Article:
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Ember provides a browser extension and several configuration options to help you debug your application.

Ember Inspector

The Ember Inspector is a browser extension that makes it easy to understand and debug your Ember.js application. To learn more, check out the dedicated guide.


Log router transitions

import Application from '@ember/application';

export default class App extends Application {
  // Basic logging, e.g. "Transitioned into 'post'"

  // Extremely detailed logging, highlighting every internal
  // step made while transitioning into a route, including
  // `beforeModel`, `model`, and `afterModel` hooks, and
  // information about redirects and aborted transitions

Views / Templates

Log view lookups



Log generated controller



Turn on resolver resolution logging

This option logs all the lookups that are done to the console. Custom objects you've created yourself have a tick, and Ember generated ones don't.

It's useful for understanding which objects Ember is finding when it does a lookup and which it is generating automatically for you.

import Application from '@ember/application';

export default class App extends Application {
  LOG_RESOLVER = true;

Dealing with deprecations

In addition to what is described in the Handling Deprecations guide, you can turn on the following settings:


Implement an Ember.onerror hook to log all errors in production

import Ember from 'ember';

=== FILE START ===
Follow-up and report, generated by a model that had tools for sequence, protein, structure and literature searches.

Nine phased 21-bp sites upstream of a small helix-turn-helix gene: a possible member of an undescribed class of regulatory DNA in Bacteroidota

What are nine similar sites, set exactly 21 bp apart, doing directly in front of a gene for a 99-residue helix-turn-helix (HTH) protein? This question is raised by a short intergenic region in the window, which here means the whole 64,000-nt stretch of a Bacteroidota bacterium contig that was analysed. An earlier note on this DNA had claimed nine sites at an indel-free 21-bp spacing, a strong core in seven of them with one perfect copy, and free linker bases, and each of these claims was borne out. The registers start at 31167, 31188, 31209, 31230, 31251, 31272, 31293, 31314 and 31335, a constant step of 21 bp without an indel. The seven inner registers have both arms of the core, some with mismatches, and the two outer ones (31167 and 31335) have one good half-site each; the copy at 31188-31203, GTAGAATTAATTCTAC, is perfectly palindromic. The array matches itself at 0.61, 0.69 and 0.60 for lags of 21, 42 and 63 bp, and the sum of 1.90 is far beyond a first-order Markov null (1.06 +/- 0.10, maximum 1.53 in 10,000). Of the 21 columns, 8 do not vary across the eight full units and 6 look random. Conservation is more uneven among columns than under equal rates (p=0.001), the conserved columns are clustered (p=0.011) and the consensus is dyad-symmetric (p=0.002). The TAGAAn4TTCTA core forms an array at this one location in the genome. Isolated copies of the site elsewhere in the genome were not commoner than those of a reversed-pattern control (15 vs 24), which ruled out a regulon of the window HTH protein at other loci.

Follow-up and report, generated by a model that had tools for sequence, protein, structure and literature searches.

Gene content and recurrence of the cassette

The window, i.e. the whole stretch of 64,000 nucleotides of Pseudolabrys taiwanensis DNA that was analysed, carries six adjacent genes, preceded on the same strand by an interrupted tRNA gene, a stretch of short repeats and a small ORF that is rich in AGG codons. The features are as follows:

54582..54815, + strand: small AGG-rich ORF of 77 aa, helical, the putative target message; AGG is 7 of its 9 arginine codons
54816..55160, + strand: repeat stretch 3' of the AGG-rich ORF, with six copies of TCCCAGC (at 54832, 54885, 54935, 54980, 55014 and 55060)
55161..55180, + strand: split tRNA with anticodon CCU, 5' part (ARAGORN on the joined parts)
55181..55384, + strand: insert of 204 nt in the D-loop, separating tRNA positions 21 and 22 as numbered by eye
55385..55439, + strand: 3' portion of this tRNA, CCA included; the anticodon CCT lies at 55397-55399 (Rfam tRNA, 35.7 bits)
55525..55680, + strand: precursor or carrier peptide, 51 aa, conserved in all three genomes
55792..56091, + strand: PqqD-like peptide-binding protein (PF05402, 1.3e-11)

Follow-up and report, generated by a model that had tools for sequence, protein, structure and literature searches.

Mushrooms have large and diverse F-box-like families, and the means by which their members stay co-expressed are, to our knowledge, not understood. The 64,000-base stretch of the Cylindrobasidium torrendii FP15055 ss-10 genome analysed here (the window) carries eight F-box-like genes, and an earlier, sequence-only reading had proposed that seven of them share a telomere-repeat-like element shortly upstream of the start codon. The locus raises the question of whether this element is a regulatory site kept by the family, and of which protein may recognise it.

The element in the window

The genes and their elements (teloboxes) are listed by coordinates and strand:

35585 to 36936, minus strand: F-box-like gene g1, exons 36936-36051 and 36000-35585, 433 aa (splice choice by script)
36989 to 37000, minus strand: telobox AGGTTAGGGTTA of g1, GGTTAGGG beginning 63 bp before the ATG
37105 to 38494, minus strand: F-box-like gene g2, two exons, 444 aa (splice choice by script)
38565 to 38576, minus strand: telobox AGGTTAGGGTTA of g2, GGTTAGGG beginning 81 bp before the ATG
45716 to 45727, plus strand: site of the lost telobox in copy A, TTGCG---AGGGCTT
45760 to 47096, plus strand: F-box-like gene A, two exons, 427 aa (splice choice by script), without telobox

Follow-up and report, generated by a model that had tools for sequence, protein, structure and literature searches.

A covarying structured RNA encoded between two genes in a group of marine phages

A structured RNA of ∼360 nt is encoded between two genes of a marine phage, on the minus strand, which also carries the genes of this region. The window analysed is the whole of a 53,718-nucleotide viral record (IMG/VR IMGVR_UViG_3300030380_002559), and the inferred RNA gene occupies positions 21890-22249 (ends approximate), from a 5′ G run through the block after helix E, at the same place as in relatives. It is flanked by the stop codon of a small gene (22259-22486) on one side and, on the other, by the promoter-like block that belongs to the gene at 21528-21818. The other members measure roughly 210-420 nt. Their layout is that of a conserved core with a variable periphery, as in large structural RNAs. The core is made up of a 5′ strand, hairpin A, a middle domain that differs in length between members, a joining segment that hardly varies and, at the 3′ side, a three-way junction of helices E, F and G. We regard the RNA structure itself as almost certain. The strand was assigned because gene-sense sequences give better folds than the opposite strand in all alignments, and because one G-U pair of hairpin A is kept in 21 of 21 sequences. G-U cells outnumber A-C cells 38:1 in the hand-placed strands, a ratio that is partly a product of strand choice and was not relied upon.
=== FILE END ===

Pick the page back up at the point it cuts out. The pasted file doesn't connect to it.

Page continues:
import fetch from 'fetch';
// ...
Ember.onerror = function(error) {
  fetch('/error-notification', {
    method: 'POST',
    body: JSON.stringify({
      stack: error.stack,
      otherInformation: 'exception message'

Import the console

If you are using imports with Ember, be sure to import the console:

Ember = {
  imports: {
    Handlebars: Handlebars,
    jQuery: $,
    console: window.console

Errors within Ember.run.later Backburner

Backburner.js has support for stitching the stacktraces together so that you can track down where an error thrown by Ember.run.later is being initiated from. Unfortunately, this is quite slow and is not appropriate for production or even normal development.

To enable full stacktrace mode in Backburner, and thus determine the stack of the task when it was scheduled onto the run loop, you can set:

import { run } from '@ember/runloop';

run.backburner.DEBUG = true;

Once the DEBUG value is set to true, when you are at a breakpoint you can navigate back up the stack to the flush method in and check the errorRecordedForStack.stack value, which will be the captured stack when this job was scheduled.